Student social space to open on Corner Friday
1515 University Avenue will offer entertainment, study, rehearsal space
A new multipurpose student space at 1515 University Avenue is set to open Friday at noon. The updated venue on the Corner is the result of $4.9 million in renovations to the building formerly home to the Student Book Store. The University Programs Council has organized the grand opening, which will include a Student Council transition ceremony, crafts, a performance by Grant Frazier and late-night breakfast.
The University began leasing the building in 2015 after the Student Book Store closed a year earlier. In the summer of 2015, the inaugural class of the Meriwether Lewis Institute for Citizen Leadership split into five groups to create a design for the building. The planning committee for the building included students involved in these initial designs, as well as University representatives. The University also collaborated with Nalls Architecture, Inc., a Pennsylvania architecture firm led by University alumnus Robert Nalls.
Scott Norris — chair of the planning committee and director of business services for the vice president of Student Affairs — said University Executive Vice President and Chief Operating Officer Patrick Hogan had the idea to turn the building into a student center.
“I think it was in part a response to the real safety issues that we had been experiencing a couple years ago,” Norris said. “This building was available, and it had been vacant for a little while … The University entered into a long-term lease for the building, and agreed to do the renovations, and they brought it to Student Affairs to spearhead the development.”
Norris said student input on the project was one of the committee’s “number one priorities.”
“We recruited students to be a part of the planning committee, and they’ve been a real, core part that we’ve really relied on for a lot of decisions all throughout, from where to place the staircase and paint colors, to rules of operation for the building,” Norris said. “They’ve really had a huge input into everything all along.”
While the University had hoped to open at the start of the spring semester, the grand opening was pushed to March. Many structural changes were necessary to renovate the building, which was built in 1896. The University stabilized the sinking floor and replaced the roof, but also sought to keep the character of the old house.
John Bond, a fourth-year College student and Meriwether Lewis Fellow, said the renovations proceeded according to plan, but the committee was occasionally surprised by the history of the building.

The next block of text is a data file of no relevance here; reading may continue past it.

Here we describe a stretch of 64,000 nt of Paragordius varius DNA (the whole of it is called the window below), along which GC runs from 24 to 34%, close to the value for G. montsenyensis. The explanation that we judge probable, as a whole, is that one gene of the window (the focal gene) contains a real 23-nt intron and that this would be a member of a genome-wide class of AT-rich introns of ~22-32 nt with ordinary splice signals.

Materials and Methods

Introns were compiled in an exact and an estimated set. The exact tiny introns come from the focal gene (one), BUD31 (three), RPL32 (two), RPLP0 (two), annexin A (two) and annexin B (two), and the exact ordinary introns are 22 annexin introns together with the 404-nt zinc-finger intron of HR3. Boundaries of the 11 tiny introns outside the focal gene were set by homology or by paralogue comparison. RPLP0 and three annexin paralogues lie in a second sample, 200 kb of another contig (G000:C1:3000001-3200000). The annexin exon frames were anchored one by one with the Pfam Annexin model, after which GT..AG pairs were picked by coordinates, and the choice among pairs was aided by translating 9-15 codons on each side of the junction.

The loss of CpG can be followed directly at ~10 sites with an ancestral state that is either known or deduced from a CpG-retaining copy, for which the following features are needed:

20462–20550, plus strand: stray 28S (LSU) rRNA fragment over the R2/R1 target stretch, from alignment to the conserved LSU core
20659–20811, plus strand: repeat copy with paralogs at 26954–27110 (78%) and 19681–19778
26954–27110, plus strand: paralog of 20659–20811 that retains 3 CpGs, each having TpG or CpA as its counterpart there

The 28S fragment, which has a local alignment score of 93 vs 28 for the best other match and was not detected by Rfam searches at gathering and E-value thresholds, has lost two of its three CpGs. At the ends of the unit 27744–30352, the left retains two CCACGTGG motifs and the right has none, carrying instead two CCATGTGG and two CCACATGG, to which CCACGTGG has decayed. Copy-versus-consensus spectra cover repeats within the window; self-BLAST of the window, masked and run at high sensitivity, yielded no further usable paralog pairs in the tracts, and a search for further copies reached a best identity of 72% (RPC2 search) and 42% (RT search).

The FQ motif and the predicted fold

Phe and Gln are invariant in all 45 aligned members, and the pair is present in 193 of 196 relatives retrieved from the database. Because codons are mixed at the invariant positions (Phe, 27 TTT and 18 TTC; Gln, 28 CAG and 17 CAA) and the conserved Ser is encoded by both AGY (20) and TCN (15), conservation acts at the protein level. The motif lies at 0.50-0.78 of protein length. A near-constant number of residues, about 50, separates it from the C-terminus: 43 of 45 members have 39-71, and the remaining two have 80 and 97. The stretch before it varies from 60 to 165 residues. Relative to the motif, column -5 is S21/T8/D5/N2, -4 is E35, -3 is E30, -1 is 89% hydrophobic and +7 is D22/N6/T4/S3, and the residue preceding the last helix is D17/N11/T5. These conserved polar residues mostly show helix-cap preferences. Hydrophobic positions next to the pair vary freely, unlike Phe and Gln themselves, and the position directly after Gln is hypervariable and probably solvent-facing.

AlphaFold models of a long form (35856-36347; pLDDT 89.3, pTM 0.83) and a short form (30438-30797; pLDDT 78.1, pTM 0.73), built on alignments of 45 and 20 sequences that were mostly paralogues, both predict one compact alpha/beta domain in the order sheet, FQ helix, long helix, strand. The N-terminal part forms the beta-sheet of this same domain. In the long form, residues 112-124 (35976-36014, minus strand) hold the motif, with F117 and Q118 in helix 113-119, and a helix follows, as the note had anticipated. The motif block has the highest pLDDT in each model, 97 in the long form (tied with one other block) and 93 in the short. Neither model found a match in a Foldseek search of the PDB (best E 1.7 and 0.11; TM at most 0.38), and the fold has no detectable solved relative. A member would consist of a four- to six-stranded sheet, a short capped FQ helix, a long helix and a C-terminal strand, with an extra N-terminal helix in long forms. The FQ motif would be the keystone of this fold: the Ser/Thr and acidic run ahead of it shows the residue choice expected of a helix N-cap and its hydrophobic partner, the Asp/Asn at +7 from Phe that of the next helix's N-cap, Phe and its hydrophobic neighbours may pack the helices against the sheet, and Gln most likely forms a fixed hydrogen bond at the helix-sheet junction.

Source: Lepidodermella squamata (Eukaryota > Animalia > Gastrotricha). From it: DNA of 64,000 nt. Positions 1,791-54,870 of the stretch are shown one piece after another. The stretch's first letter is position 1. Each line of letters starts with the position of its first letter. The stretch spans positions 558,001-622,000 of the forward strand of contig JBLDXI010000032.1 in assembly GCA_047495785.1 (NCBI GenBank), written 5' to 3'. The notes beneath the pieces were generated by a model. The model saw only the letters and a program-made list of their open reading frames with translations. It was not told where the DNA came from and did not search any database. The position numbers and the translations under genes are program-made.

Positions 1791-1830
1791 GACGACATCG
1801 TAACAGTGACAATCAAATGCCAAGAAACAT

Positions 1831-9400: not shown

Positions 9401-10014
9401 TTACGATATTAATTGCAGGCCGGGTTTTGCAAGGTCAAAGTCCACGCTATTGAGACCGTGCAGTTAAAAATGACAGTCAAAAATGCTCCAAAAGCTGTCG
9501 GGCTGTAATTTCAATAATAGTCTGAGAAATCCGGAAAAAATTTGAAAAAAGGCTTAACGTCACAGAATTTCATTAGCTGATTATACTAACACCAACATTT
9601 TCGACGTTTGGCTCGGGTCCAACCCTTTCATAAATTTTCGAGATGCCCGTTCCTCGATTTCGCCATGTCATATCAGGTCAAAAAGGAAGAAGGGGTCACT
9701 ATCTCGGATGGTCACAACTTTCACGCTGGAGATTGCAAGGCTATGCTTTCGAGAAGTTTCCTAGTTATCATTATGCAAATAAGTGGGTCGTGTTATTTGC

“When we first started renovating the basement, we discovered there were these paintings on the walls from back when it used to be a dance hall, of people dancing,” Bond said.
The committee took the building’s history into consideration during the renovations and design.
“This top floor here used to be apartments … so we’ve kept that in mind when we planned the meeting spaces,” Bond said. “They’re all themed after a different room in the house. For example, we have a dining room, and the garage, and the den and the living room.”
The building has three floors and is designed to offer space for students to study, rehearse and relax. The top floor has rooms students can reserve for meetings and a reflection room where students can meditate. Career Services will meet with students in the study until 5 p.m., when it will become available for general use.
“Meeting space is a thing you can find all over, but it’s in high demand … so we have a lot of meeting spaces here,” Bond said. “You don’t have to go all the way to central Grounds if you’re coming from 14th [Street], you can meet on the Corner.”
The main floor holds Crumbs on the Corner, a new Aramark-run cafe. A stage in the front of the room can be reserved by students and will also offer performance space for student organizations. The top and main floors both offer gender-neutral bathrooms.
Bond said he is most excited about the possibilities the stage will offer different student performers.
“I think it’s really cool that we have that performing area and we can really feature a lot of solo artists or duos or small student performing groups that don’t really get the chance to shine as much in other areas, or maybe aren’t as visible to the student body,” Bond said.
According to Bond, the basement will likely be the noisiest floor, with TVs and free games like pool and foosball.
Bond said he hopes students will enjoy everything 1515 offers, from meeting spaces to snacks to entertainment.
“I think the advantage for it being on the Corner is that it’s something we don’t have here already,” Bond said. “It’s a space where you can come and hang out late at night if you don’t feel like going to bars that night, or if you want a place to come hang out that’s not your dorm if you’re a first year, then you can come here … Hopefully it will become part of the everyday life of students, as much as other spaces are.”
According to Norris, 1515 is “intentionally competing” with bars, and will offer an alternative to participating in high-risk behavior.
“We really want it to be a landing space for students,” Norris said. “We want students to see this as a second home. Whether they’re on-Grounds or off-Grounds, we want it to be a safe and inviting and really fun, cool place for students when they’re looking for a social outing on the Corner.”